with credit tenants," Shear agrees.
warehouse users and developers may be willing to locate in secondary
markets that offer cheap land, economic incentives, and transportation
benefits, many of today's warehouse investors, especially institutional
ones, are hesitant to stray from primary cities. Institutional
warehouse investors want to have their money in the best place; then
they spread out to secondary markets for cost and diversification
reasons. "If institutional investors are not in a market, it probably
is a tertiary market," Nesbit says.
money is consolidating into major markets,' Williams says, because the
depth of such markets makes investing safer. Also, investors can expect
to receive greater returns from properties in primary markets due to
risk-adjusted capitalization rates. "Assets are more valuable in bigger
markets," Erik Foster says.
last year First Industrial Realty Trust sold its high-performing
warehouses in Milwaukee and Indianapolis because analysts said they
would treat the REIT more favorably if its portfolio contained only
properties in primary cities with less economic risk, Sam Foster says.
However, "the factors that make a market secondary or tertiary for office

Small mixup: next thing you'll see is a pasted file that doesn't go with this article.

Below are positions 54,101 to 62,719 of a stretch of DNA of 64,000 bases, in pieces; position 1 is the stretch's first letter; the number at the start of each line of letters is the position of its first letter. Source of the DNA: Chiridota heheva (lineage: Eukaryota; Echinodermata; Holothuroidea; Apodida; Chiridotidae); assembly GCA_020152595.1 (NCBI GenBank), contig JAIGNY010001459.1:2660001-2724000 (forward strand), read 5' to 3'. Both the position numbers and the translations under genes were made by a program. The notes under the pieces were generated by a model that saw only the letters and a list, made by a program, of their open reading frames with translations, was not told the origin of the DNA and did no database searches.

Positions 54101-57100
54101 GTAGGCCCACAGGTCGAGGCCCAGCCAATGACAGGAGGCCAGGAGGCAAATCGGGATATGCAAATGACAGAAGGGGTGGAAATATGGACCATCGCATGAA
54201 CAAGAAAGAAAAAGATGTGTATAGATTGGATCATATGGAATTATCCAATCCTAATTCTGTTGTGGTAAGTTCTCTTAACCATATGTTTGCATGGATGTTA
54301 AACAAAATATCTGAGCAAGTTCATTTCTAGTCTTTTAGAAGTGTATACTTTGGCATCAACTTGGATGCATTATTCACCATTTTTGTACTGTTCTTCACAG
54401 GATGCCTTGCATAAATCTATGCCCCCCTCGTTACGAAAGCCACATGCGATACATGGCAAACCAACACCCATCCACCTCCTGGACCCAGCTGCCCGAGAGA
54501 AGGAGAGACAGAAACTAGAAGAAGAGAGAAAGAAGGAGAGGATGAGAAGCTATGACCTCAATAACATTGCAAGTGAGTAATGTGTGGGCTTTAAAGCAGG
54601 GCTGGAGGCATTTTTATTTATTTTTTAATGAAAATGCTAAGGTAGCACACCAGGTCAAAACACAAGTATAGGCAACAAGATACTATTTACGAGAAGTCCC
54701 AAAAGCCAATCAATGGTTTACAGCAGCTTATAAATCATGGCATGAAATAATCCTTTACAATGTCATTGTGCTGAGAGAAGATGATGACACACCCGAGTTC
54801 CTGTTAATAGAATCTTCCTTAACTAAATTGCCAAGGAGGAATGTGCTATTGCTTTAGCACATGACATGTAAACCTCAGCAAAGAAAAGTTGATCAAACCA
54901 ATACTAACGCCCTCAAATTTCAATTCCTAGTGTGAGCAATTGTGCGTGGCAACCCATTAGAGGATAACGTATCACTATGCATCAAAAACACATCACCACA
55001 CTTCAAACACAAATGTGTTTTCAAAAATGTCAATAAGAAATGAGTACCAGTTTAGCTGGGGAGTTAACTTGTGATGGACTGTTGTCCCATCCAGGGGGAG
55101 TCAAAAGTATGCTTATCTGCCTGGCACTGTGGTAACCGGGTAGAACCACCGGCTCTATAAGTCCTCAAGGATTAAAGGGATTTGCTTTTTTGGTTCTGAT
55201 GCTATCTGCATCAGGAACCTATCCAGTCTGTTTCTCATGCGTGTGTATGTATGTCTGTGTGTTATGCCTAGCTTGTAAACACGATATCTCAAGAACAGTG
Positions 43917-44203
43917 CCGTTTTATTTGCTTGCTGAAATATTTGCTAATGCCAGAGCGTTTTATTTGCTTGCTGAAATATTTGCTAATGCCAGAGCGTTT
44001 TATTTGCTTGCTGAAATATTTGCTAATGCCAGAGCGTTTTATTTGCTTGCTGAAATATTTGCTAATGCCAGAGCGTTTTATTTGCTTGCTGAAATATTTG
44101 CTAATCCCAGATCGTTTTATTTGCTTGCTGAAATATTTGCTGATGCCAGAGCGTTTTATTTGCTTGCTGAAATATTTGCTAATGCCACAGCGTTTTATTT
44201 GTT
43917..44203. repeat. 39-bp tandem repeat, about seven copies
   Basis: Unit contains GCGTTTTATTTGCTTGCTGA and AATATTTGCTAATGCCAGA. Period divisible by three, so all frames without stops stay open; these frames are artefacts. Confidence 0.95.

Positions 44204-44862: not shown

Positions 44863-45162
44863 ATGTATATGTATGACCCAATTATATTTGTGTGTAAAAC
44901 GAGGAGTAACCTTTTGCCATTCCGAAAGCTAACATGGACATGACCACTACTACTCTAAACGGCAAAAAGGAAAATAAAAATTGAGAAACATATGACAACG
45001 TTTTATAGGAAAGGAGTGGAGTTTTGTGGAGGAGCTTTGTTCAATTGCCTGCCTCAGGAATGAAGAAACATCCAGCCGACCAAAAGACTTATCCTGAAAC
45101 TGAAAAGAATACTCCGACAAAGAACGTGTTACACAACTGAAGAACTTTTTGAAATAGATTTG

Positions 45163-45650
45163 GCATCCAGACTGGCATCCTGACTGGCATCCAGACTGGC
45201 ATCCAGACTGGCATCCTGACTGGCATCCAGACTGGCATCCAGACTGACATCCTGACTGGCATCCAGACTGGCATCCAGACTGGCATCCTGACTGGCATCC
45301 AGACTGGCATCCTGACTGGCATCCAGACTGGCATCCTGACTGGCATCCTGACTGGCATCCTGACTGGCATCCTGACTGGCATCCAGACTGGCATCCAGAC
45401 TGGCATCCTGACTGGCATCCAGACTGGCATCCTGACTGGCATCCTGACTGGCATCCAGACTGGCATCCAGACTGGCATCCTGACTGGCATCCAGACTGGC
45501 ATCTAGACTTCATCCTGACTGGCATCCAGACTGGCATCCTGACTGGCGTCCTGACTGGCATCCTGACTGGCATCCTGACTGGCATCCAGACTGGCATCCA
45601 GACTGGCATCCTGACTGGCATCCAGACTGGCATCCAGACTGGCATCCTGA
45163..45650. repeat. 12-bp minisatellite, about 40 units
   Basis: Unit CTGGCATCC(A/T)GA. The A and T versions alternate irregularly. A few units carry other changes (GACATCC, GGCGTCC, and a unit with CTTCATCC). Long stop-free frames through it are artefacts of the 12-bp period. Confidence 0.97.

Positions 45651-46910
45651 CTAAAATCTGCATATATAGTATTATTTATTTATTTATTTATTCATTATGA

investment are different from those for warehouse investment," Nesbit
says. Geographic location, building construction quality, and
high-credit tenants are more important factors to warehouse investors.
instance, most office investors would consider Reno to be a secondary
or even tertiary investment market, but it's an ideal distribution hub,
Schuster says. Located on Interstate 80, the city easily serves truck
traffic going to the western states. A main Union Pacific railroad line
runs through Reno, and the city is UPS' western regional hub.
tertiary markets must offer amazing benefits to attract national
attention. Institutional investors "won't even look at an El Paso
warehouse without at least a 10 percent cap rate," Preston says.
Luckily for that city, ground-lease properties currently offer an 11
percent cap rate. Yet Preston thinks some investors like the stability
tertiary markets offer: "You can get pretty good returns compared to
primary and secondary cities," he says. For example, East Group
Properties purchased an El Paso warehouse several years ago and have
expanded their presence in the city ever since.
Warehouses of the Future
Even when the economy strengthens, industrial experts don't expect the
consolidation trend to cease. "Companies can save on operating costs by
combining several warehouses into one and still serve the same markets
with technology and transportation refinements," Nesbit says.
However, "At a certain point, size breeds inefficiency," Shear says. Until
technologies and material-handling equipment become even more refined,
warehouses in the 2 million-sf range are just a developer's pipe dream.